I came across this thread today and the quote above, just when I finally lost patience with someone who is always "trying" to lose weight. She ate clean low carb for 2 weeks, no grains or sugars at all, lost 8lbs, and reported that some of her joint pain had gone away. Then she spent the next 2 weeks telling me how she thinks she needs to eat grains again (a) for fiber (b) because she's scared of getting constipation (c) because she has a headache (d) because her blood pressure was temporarily a little high (e) because someone "insinuated" that she might have hypoglycemia. I answered every one of her questions and provided articles and links to more information about each issue, doing all the research and googling for her - she didn't have time to do it for herself (red flag right there!). I won't even mention how many reasons she has for never exercising, not even a simple 5 minute walk around the block!

Finally, I had a light bulb moment: she wants to eat carbs and she doesn't want to exercise. Duh! When she came up with her latest complaint disguised in the form of a question, I just said "Sounds like you're looking for excuses, if you want sugar and starch go ahead and eat them, it's your body; at least now you can make informed decisions about what you choose to eat, and it's great that you were open to trying low carb for 2 weeks".

As a successful maintainer (only one year so far, but still...) I think the quote in bold is very apt.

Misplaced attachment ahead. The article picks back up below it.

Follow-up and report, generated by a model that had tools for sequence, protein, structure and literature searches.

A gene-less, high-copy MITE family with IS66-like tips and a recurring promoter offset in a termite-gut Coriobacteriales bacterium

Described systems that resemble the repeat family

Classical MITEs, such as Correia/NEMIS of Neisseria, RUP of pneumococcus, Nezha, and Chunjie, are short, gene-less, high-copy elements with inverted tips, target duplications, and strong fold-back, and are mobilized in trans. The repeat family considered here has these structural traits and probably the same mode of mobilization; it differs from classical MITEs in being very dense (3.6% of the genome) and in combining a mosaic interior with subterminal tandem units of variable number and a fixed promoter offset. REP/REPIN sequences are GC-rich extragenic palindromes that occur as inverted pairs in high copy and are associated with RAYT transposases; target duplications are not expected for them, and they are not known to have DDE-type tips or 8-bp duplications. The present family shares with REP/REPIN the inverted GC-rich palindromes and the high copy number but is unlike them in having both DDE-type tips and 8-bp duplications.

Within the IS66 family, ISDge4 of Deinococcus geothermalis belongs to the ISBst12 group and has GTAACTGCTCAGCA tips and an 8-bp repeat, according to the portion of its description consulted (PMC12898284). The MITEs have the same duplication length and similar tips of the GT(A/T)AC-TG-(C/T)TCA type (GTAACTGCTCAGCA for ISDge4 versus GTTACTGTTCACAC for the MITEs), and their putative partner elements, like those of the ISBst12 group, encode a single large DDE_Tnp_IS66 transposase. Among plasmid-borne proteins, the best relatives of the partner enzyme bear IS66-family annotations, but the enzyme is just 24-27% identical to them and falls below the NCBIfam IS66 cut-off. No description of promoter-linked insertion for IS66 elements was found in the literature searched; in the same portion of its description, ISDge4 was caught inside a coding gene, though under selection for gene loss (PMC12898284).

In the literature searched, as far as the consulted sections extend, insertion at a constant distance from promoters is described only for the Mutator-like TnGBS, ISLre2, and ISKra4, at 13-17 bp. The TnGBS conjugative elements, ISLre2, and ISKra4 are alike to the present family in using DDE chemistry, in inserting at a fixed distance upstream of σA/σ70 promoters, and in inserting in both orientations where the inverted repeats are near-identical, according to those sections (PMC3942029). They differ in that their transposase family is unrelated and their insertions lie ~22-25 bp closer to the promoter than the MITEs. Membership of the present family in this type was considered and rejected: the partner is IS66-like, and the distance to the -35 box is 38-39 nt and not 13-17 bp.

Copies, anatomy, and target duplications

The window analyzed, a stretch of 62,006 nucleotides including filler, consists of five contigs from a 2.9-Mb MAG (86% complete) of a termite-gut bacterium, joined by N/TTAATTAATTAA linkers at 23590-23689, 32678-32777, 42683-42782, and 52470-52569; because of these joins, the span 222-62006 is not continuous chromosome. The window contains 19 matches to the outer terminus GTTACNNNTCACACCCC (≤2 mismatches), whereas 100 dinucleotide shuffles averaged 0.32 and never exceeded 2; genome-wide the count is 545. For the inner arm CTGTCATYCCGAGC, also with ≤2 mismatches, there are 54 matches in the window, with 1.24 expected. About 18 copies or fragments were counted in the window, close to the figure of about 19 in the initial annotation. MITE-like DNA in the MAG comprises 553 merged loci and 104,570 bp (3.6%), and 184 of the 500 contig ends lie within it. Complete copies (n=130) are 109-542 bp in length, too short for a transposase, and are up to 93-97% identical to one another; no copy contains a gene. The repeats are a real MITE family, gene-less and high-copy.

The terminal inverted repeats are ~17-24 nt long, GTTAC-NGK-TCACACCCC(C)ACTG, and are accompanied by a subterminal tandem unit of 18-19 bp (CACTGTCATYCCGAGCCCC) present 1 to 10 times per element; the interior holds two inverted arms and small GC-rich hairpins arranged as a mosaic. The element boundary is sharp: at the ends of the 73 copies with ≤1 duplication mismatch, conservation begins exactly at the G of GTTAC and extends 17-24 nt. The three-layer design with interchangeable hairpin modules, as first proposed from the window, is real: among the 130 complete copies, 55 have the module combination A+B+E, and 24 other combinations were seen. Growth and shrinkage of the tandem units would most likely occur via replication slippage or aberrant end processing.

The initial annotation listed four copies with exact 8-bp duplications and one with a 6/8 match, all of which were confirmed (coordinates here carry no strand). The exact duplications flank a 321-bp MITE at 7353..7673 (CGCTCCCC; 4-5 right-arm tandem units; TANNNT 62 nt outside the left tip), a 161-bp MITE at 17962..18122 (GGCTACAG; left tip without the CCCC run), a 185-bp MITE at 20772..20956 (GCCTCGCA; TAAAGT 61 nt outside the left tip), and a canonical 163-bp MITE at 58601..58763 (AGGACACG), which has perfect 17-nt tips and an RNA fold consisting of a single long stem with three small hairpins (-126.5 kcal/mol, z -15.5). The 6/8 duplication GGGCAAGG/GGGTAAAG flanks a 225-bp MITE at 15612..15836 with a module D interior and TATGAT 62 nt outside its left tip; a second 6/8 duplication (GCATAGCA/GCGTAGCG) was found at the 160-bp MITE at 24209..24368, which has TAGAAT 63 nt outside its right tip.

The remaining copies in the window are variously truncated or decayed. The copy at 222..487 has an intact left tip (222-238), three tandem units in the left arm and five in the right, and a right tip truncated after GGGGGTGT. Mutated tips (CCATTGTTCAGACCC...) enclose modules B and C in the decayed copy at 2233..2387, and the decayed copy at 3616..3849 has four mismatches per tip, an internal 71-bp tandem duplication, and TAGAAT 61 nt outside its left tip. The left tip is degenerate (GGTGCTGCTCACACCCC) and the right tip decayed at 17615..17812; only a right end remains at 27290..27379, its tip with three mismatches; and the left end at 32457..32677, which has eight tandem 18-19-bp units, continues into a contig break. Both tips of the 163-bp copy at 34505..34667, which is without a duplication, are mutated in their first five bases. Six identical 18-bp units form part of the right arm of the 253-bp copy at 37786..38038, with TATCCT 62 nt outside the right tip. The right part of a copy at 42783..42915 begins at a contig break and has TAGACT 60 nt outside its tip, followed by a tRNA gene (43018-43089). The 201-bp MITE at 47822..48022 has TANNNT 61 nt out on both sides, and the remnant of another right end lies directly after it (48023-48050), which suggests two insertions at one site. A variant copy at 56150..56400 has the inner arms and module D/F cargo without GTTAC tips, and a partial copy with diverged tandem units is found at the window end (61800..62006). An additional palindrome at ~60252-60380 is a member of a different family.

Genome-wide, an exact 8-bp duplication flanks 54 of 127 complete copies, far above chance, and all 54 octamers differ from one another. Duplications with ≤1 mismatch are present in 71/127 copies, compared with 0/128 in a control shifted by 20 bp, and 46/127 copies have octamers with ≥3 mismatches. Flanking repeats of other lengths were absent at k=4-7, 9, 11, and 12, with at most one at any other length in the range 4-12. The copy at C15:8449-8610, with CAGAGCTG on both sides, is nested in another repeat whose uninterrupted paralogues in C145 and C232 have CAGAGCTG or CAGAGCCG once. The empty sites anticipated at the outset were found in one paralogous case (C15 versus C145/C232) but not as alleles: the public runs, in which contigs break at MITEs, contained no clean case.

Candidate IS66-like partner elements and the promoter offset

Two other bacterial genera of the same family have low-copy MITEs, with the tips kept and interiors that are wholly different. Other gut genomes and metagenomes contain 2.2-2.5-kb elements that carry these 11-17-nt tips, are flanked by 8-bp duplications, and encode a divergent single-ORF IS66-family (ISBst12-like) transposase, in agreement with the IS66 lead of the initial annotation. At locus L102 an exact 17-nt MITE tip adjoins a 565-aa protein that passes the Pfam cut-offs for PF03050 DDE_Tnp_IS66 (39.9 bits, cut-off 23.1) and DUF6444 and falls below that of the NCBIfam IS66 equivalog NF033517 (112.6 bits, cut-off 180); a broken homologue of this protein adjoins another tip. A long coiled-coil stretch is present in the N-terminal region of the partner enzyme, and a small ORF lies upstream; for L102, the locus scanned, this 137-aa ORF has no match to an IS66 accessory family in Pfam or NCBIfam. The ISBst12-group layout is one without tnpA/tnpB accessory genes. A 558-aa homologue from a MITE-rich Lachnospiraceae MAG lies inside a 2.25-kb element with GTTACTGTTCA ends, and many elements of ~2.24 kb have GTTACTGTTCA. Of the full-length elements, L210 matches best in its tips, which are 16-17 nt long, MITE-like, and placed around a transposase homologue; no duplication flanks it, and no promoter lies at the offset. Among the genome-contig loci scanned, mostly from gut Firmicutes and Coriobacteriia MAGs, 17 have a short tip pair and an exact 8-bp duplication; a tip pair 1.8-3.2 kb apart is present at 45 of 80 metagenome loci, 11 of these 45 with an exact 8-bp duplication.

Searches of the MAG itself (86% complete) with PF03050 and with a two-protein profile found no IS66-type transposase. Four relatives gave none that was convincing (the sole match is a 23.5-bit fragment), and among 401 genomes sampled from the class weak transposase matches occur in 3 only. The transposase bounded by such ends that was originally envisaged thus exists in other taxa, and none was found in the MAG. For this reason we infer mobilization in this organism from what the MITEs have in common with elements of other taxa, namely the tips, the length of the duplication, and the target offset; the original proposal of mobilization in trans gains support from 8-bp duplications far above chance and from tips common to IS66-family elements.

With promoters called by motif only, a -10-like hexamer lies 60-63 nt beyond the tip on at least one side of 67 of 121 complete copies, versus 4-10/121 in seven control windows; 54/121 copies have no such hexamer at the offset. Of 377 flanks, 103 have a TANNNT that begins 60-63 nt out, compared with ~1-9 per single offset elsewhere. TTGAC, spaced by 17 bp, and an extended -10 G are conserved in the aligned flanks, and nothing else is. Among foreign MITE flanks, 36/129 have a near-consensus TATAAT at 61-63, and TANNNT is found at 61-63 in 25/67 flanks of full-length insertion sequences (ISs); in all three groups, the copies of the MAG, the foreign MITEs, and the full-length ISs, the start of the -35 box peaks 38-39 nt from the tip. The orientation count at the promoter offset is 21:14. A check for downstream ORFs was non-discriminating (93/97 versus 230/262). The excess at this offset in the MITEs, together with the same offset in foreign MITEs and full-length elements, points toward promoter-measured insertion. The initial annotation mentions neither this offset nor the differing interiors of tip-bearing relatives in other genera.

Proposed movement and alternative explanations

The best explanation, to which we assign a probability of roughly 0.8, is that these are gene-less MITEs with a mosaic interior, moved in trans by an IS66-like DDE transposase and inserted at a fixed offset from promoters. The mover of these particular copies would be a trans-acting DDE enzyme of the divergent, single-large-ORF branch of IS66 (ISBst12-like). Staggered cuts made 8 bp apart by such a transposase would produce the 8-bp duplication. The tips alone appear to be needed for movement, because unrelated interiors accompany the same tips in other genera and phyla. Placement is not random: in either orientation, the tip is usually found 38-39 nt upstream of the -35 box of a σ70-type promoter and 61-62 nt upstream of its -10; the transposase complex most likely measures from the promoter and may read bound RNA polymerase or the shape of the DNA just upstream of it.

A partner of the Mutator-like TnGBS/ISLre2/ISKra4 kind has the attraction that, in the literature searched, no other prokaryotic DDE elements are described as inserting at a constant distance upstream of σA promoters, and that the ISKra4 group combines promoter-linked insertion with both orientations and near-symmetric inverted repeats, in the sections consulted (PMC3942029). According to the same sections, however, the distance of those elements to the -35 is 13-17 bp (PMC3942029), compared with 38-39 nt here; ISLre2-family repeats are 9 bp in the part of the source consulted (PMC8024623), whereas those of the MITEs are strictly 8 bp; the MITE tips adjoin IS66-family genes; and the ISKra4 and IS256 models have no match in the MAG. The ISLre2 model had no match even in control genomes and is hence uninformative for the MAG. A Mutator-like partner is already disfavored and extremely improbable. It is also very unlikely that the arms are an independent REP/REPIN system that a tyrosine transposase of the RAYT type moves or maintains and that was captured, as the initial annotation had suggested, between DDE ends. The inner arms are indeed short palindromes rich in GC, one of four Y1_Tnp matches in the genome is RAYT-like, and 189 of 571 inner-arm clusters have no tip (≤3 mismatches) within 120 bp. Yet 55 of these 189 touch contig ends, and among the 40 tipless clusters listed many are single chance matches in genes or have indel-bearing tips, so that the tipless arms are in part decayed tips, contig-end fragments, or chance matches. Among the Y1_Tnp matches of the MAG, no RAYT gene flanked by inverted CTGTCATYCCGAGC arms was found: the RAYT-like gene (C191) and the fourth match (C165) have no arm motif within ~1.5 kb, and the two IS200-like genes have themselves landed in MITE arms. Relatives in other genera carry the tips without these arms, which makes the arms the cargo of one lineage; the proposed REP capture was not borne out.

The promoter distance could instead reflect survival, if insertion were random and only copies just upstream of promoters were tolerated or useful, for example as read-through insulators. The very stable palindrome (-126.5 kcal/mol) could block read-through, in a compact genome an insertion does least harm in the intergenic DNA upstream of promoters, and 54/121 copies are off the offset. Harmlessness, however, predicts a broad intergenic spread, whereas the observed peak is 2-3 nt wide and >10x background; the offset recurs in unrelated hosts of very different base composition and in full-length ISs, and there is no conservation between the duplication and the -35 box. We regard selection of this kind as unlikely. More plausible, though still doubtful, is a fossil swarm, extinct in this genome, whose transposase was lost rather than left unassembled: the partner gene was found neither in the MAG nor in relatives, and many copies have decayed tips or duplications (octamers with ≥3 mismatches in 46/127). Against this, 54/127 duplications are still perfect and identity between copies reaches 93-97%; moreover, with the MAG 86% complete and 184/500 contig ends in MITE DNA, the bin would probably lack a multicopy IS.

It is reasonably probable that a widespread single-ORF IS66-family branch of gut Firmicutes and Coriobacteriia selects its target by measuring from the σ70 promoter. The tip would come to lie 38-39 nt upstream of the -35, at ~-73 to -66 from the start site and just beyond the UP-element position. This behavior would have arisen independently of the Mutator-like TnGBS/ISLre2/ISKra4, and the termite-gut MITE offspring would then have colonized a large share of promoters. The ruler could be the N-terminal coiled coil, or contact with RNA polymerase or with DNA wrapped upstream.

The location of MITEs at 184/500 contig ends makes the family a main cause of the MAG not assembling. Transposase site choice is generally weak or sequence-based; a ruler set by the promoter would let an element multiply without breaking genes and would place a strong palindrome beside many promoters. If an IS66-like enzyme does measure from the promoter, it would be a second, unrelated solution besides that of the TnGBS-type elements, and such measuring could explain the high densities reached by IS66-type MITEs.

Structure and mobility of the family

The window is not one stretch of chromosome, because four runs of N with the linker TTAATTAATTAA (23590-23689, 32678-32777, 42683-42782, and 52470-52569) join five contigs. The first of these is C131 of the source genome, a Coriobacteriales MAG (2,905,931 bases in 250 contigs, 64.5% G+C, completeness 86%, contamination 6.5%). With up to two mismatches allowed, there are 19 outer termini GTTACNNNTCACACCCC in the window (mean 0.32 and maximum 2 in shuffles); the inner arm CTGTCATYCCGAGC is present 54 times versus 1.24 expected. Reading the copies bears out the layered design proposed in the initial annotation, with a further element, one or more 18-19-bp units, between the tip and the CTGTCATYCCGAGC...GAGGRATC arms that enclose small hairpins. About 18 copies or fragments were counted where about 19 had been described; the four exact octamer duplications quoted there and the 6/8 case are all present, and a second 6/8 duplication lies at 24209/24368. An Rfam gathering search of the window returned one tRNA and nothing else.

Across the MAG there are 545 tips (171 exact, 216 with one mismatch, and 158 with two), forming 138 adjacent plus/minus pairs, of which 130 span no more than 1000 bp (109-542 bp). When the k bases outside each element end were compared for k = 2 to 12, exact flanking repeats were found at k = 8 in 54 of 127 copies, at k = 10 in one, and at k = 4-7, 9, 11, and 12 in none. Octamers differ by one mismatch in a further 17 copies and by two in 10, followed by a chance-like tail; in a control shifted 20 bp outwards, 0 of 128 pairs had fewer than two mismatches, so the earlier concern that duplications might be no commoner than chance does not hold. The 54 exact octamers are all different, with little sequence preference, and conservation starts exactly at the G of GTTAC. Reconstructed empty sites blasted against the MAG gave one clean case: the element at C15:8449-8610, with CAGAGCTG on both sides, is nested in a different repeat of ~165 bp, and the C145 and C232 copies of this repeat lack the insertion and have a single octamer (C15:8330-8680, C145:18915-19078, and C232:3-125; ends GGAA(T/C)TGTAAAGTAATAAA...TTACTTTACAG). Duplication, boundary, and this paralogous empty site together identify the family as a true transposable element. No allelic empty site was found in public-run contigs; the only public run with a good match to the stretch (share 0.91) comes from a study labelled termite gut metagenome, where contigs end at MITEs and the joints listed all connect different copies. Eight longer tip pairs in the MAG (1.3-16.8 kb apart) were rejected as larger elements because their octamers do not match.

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  #65   ^
Old Sat, Oct-27-12, 00:22
Brinethery's Avatar
Brinethery Brinethery is offline
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Posts: 1,384
 
Plan: 75%F / 20%P / <5%C
Stats: 185/150/140 Female 5'10
BF:
Progress: 78%
Location: Everett, WA, US
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Quote:
Originally Posted by Hutchinson

Does anyone really think that wild animals living on their natural diets, in their natural environments have to count calories in, fat content or plan their meals?
Neither do we, if we understand the basics of what a low carb paleo style diet is all about.


I think you have a point... to a degree. Now bear in mind that I'm not trying to say that we're all "victims" to our food environment, but let me just say this. Animals out in the wild have never had access to white flour. Sure, maybe sugar cane in tropical climates and fruit. Just like our ancestors, animals today do not have the access to the high-carb junk food we have today. It's everywhere, it's ready, and it's highly accessible.

With that being said, I do agree that we can retrain our system/appetite such that the cravings aren't as strong. But unless we're super-strict with taking the right vitamins, eating the right macros, doing the right kind of wellness therapy (be that yoga, aerobic, or weight-bearing exercise), we are susceptible to cravings. I know this firsthand because I have a period every month and my craving for chocolate is INTENSE. And I'm not perfect with taking my magnesium (which is probably why I crave chocolate in the first place).

Anyway, for those of us that are human and tend to have slip-ups due to craving and stress, we need to have some sort of structure. Not like food weighing or methodical calorie-counting... but perhaps "taking inventory" on our habits once a week or once a month along with weighing. Just something that keeps us from going off the deep end.
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  #66   ^
Old Sat, Oct-27-12, 00:33
Brinethery's Avatar
Brinethery Brinethery is offline
Senior Member
Posts: 1,384
 
Plan: 75%F / 20%P / <5%C
Stats: 185/150/140 Female 5'10
BF:
Progress: 78%
Location: Everett, WA, US
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Quote:
Originally Posted by Whofan
“The difference between successful and unsuccessful people is that successful people are willing to do what the unsuccessful people are not.”


I just failed a physics quiz, so that is very relevant to me especially right now.